Joshua L. LaBaer, interim executive director of the Biodesign Institute at Arizona State University
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His efforts involve the discovery and validation of biomarkers — unique molecular fingerprints of disease — that can provide early warning for those at risk of major illnesses, including cancer and diabetes. Much of his work concerns proteomics, a branch of biotechnology concerned with analyzing the structure, function and interactions of the proteins produced by the genes of cells, tissues or organisms. His research is recognized as extremely relevant and impactful for a number of chronic health conditions, with direct application from bench to bedside.
LaBaer was recruited to the ASU Biodesign Institute as the first Piper Chair in Personalized Medicine in 2009. His group, the Virginia G. Piper Center for Personalized Diagnostics, invented a novel protein microarray technology, Nucleic Acid Programmable Protein Array, which has been used widely for biomedical research. Its use has led a panel of 28 autoantibody biomarkers that are being commercialized by Provista Diagnostics to aid in the early diagnosis of breast cancer.
With nearly 170 publications of his own in various peer-reviewed journals, LaBaer also is the co-author of three books on proteomics. He is a former member of the National Cancer Institute’s Board of Scientific Advisors and serves as chair of the National Cancer Institute’s Early Detection Research Network Executive Committee and co-chair of its steering committee. He is the president of the U.S. Human Proteome Organization and chaired the organization’s 2015 conference, which was held near ASU’s Tempe campus. He was honored by the Phoenix Business Journal as a “Health Care Hero” in 2011 and is a 2014-18 Flinn Foundation Awardee.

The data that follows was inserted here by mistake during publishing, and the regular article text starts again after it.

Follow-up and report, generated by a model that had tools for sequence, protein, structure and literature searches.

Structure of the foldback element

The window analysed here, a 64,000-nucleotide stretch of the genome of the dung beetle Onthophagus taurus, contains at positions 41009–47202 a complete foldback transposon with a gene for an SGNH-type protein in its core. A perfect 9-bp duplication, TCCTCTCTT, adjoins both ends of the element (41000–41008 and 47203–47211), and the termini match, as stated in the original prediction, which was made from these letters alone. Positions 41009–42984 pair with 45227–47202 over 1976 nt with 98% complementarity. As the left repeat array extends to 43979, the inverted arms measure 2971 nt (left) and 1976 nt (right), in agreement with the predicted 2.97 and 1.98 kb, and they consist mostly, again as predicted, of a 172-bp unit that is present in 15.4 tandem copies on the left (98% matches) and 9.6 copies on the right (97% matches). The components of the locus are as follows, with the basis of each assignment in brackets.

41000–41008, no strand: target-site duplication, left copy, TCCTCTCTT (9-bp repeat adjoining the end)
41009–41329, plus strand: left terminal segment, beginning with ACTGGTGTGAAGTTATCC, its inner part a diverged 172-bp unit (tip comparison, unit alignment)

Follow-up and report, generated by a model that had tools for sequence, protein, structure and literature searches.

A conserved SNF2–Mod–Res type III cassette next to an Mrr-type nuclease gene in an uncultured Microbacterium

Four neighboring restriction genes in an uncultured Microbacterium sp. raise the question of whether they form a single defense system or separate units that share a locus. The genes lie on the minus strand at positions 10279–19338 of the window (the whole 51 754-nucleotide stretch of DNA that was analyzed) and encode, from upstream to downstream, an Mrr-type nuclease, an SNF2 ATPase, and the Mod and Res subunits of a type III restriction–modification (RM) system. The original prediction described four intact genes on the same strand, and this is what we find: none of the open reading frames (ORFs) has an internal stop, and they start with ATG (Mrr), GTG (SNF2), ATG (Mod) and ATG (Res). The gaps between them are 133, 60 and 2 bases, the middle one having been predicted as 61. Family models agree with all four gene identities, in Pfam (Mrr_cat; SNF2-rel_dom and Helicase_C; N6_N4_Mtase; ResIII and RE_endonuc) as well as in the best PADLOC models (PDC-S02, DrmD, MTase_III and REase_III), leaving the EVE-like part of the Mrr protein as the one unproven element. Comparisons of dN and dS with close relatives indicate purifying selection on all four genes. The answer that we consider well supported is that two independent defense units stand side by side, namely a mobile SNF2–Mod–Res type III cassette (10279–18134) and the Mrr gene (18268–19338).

Although he is known as a leader in the field of proteomic and biomarker research, his professional colleagues describe him as always seeking out novel perspectives on his work.
“Despite his international reputation, he is quite modest and always looking for advice on different issues,” said Jonathan Leighton, professor and vice chair of the Department of Medicine at the Mayo Clinic Arizona. “He is open to new ideas and willing to listen.”
LaBaer earned his medical degree and a doctorate in biochemistry and biophysics from the University of California, San Francisco. He is a board certified physician in internal medicine and medical oncology and was an instructor and clinical fellow in medicine at Harvard Medical School.